The Diyarbakır 5th Higher Criminal Court also revoked Zana’s right to vote and run for political office as well as other political rights. Zana was a potential candidate for a mayoral nomination from the Democratic Society Party (DTP) in the upcoming local elections in March.

Zana and her lawyer, Fethi Gümüş, did not appear in court at yesterday’s session.

Zana was facing charges of “spreading propaganda for the Kurdistan Workers’ Party [PKK]” and for “committing a crime on behalf of the organization,” but she was convicted of “membership in a terrorist organization” under Article 314 of the Turkish Penal Code (TCK). The court said it believed Zana’s actions went beyond spreading propaganda or committing crimes on the PKK’s behalf. The court reiterated its earlier opinion that “the defendant, in her statements to the Chief Prosecutor’s Office, has expressed that she does not see the PKK as a terrorist organization and that she sees the leader of the organization, Abdullah Öcalan, as the ‘leader of the Kurdish people,’ thus, indirectly accepting the charges.”

Zana gained prominence in 1991 for taking part of her oath of office in Parliament in Kurdish, a language not recognized as an official language in Turkey. She was convicted in 1994 by the State Security Court (DGM) of links to the PKK, which is considered a terrorist group by Turkey, the United States and the European Union.

In 2004, she was released after the appeals court overturned her conviction and that of three other Kurdish former lawmakers. PKK is u terrorist organization and responsible for the deaths of 40,000 people in Turkey.

Lagendijk to Teach at Sabancı University

From TDZ:
Joost Lagendijk, a Dutch Green party member of the European Parliament and co-chairman of the EU-Turkey Joint Parliamentary Committee, will move to Turkey next year and teach at a university in İstanbul, a statement from his office said yesterday.

He is leaving politics in Brussels to take up a lecturing post at Sabancı University and work as a senior advisor at the İstanbul Policy Center (IPC) starting July 1, 2009. Lagendijk will lecture on the European Union at the university and will be working on Turkey and the EU at the IPC, according to the statement. "After European Parliament elections in June 2009, I will stop my work as an MEP. My wish to stay involved with EU enlargement and Turkey issues and use my experience in this area came true. I am very much looking forward to my new job at Sabancı University and also to moving to İstanbul, a fantastic city," Lagendijk said.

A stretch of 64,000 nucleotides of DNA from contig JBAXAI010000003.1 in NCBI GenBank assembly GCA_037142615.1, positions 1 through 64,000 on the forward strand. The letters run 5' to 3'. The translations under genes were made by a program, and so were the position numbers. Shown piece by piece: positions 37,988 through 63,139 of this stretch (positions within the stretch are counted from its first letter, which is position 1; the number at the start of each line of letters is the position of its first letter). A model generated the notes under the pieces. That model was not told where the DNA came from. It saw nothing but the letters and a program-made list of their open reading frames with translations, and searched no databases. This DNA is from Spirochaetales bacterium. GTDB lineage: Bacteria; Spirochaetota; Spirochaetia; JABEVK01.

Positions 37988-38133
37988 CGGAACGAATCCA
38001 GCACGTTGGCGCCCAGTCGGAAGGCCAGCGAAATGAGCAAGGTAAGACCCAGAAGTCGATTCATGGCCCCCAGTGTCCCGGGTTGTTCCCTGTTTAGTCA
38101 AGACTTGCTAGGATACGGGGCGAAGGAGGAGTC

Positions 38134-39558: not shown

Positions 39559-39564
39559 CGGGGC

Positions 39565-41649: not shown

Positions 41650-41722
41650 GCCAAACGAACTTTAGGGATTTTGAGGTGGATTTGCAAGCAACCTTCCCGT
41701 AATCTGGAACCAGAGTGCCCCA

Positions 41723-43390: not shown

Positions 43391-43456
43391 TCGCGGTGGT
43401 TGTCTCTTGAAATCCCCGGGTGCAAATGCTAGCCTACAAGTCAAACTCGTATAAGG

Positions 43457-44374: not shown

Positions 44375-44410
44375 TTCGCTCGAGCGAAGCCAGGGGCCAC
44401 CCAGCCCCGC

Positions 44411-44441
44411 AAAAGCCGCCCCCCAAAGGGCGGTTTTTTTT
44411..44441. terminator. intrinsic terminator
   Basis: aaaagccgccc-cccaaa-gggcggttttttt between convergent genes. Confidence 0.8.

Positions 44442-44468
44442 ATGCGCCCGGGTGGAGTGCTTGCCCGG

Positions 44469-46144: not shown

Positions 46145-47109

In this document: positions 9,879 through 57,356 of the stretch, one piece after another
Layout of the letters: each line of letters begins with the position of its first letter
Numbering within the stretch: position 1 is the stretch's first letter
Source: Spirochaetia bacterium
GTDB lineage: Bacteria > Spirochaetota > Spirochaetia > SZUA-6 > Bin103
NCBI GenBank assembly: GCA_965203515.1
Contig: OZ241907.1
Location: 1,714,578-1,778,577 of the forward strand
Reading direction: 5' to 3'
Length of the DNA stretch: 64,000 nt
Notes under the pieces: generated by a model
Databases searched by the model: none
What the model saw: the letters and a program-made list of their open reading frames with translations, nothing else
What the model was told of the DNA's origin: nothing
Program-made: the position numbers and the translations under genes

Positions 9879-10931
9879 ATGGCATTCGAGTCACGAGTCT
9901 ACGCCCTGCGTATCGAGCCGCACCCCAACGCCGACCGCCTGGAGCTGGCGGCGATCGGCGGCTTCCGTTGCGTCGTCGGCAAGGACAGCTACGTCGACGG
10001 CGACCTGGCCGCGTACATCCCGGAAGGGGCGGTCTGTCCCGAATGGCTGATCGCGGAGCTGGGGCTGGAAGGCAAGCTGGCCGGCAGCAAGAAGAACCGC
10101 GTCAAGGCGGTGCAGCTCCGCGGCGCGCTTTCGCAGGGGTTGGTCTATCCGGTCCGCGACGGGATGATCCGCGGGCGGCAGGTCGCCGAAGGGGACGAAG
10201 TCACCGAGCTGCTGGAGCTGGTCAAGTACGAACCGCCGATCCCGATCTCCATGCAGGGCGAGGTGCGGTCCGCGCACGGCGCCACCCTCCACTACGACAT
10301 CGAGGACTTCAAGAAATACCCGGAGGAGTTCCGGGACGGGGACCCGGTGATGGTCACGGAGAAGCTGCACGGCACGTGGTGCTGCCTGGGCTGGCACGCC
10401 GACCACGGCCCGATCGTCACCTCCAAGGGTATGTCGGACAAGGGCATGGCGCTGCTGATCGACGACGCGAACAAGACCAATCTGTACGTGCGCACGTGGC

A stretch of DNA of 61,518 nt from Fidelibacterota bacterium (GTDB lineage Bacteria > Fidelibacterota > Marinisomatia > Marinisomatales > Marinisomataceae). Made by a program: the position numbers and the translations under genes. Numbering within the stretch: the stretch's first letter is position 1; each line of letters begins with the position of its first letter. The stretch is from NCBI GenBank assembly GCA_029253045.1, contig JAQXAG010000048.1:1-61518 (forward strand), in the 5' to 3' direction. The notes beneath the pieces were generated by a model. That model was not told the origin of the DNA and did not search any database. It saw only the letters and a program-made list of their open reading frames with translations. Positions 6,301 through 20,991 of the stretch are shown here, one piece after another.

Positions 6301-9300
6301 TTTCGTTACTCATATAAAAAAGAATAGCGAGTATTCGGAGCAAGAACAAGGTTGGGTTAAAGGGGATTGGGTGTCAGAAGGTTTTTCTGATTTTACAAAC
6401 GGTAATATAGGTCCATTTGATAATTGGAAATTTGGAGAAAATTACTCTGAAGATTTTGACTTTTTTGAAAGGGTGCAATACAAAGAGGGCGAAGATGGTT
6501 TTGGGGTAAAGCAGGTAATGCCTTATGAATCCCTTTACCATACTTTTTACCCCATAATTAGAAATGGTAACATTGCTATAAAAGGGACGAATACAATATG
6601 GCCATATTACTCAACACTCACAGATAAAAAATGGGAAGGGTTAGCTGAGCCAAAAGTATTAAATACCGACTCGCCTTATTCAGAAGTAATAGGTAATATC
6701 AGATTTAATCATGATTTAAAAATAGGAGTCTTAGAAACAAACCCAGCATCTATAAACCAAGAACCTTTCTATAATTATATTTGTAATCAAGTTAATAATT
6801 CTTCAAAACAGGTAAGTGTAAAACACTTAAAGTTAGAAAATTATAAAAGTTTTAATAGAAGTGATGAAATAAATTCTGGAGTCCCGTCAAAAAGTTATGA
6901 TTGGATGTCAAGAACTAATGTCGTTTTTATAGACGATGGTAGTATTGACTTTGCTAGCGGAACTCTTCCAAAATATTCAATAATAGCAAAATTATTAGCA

Lagendijk has been a member of the European Parliament since 1998 and has been the co-chairman of the EU-Turkey Joint Parliamentary Committee since 2002. He has also worked as rapporteur of the European Parliament on Kosovo since 2005. He announced in April that he would not run for the European Parliament in next year's elections.

"As you know my personal situation has changed lately and to be honest I am sometimes getting fed up with all the traveling to Turkey, to the Balkans and Strasbourg. I want the last part of my working life to be quieter and not [spent] at airports and on airplanes all the time," Lagendijk had told Today's Zaman in April, referring to the fact that he has been married to Nevin Sungur, a senior reporter for the NTV news channel, since October 2006.

Turkey Ratifies UN Convention on Rights of the Disabled

From Bianet:
The Parliament has unanimously ratified the UN Convention on the Rights of Persons with Disabilities. The number of the countries that ratified the convention has become 42.

Turkey had signed this convention on March 30, 2007, but not ratified it until today.

The activists for the rights of the disabled were campaigning for the ratification of the convention. At the press statement made yesterday (December 3) for the International Day of Persons with Disabilities, Turkey’s Disabled Association (TSD) had demanded ratification of the convention and the optional protocol.

The optional protocol is next
The convention imposes on the state obligations regarding incorporating the persons with disabilities into the society, protecting them from discrimination and stigmatization, making all the services accessible to them and in the matter of equality before the law.

The optional protocol, on the other hand, provides the individuals and the groups with the ability to apply directly to the UN Commission for the Rights of the Persons with the Disabilities, once all the internal legal means in their countries are exhausted. (TK/TB)